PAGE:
With the largest camera ever to be sent into space, Mission Gaia will image one billion stars, revealing valuable information about the structure and evolution of our home galaxy, as well as discover supernovas, previously unseen asteroids and planets around nearby stars. On November 20, 2013 at Europe's spaceport in Kourou, French Guiana, the ESA will launch its surveyor, Gaia, to engage in a five year mission to map a billion stars with unprecedented precision.
Once in space, Gaia will head towards Lagrange Point, or L2, some 1.5 million km beyond Earth's orbit. Once there, the surveyor will take up its stable position in orbit around the Sun and begin imaging. It will observe an estimated billion stars, repeatedly.
Each observation will reveal information about individual star position and movement. However, that's not all: Gaia will also take measurements of each star's "vital signs," such as stellar temperature, luminosity and chemical composition. These observations will hugely assist astronomers in refining our understanding of our own galaxy, including its origins and evolution.
Gaia isn't a lightweight. It consists of two telescopes which rotate slowly, sweeping the expanse of the entire sky and focusing the light of both telescopes simultaneously onto the CCD array of a single digital camera. The camera itself is the largest ever flown into space and has the capacity of nearly a billion pixels! At the Kourou launch area, the last two months have been flurry of tests for the Gaia mission and preparing for launch.
"Getting ready for launch is an extremely busy phase for the mission teams, but it's also extremely exciting and rewarding to see our mission so close to launch," says Giuseppe Sarri, ESA's Gaia project manager.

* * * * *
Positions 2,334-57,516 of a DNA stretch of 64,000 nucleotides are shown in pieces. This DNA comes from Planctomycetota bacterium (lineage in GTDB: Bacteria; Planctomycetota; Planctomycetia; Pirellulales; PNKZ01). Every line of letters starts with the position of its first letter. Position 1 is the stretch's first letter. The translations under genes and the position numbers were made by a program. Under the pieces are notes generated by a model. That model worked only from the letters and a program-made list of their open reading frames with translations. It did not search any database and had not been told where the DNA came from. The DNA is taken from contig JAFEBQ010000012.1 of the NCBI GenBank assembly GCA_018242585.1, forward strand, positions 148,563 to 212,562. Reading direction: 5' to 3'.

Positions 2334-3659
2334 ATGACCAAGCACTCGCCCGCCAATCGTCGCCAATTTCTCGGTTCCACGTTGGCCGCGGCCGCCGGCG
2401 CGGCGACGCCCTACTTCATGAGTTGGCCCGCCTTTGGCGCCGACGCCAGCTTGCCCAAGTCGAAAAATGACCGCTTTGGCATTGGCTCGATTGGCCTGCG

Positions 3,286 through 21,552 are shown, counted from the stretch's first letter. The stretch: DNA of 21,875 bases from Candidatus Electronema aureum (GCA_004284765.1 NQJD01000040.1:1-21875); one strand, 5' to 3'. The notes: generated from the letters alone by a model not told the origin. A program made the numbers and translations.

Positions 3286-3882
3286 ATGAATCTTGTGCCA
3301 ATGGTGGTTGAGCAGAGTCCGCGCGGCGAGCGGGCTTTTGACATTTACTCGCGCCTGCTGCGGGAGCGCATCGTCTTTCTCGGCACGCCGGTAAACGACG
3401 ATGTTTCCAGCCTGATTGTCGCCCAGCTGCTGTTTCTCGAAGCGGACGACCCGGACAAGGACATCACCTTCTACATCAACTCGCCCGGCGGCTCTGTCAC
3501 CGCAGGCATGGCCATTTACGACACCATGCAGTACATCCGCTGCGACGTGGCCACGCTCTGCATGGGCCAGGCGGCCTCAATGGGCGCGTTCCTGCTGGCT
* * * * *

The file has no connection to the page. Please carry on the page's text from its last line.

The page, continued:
One of the most fascinating components of the Gaia craft is its sunshield. At the beginning of October, it passed its final deployment test and has now been tucked away in its final configuration, ready for launch. Once the spacecraft reaches its goal, the sunshield will deploy and create a 10.5 meter wide umbrella around the base of the surveyor. This will become a dual-purpose venture: the sunshield will protect the spacecraft's sensitive telescopes and cameras from solar damage - keeping them at a safe operating temperature of -110°C - while the solar panels on the other side will help generate electricity to power the systems.
"With this important milestone -- and others -- now completed, we are working through an intensive checklist of final activities that will culminate in the much-awaited launch of our 'discovery machine'," adds Giuseppe.
By now, at ESA's European Spacecraft Operations Center in Darmstadt, Germany, the Gaia Mission Control Team will have completed a full simulation for crucial launch functions and the beginning phases of the mission's orbit. The Gaia craft itself will have received its fuel supply at Kourou; its tanks topped off and ready to carry out the propulsion system's commands when it makes it into space.
At the beginning of November, Gaia will then be transferred to the Soyuz launch adapter where it will receive its upper stage that will help boost the space traveler along on its journey to L2. During the initial four minutes of launch, Gaia will be outfitted with a Soyuz fairing, a protective nose cone that will shield it against damage.
Then, on November 15, 2013, Gaia will be transferred to the launch pad where it will be mated with the Soyuz launcher and fueled for the ride. Five days later, on November 20, 2013, at 08:57:30 GMT, the spacecraft will take off! If you're interested in watching this historic event, it will be streamed live on the ESA Portal at http://www.esa.int
"We are excited to see the launch less than one month away, but there are still a lot of final preparations to complete," says Timo Prusti, ESA's Gaia project scientist. "Our quest to create an enormous stellar census to solve questions on the origin, structure and evolutionary history of our home galaxy, and to discover tens of thousands of supernovas, previously unseen asteroids and even planets around nearby stars, is finally about to begin."
Just like updating your GPS system, the Gaia Star Survey will update our astronomical catalogs and much, much more. Even given a billion stars, that's only about 1% of the number of stars astronomers estimate to be within the Milky Way. Ah, well. Move over, Hipparchos, there's a new kid on the block!
Original Story Source: ESA News Release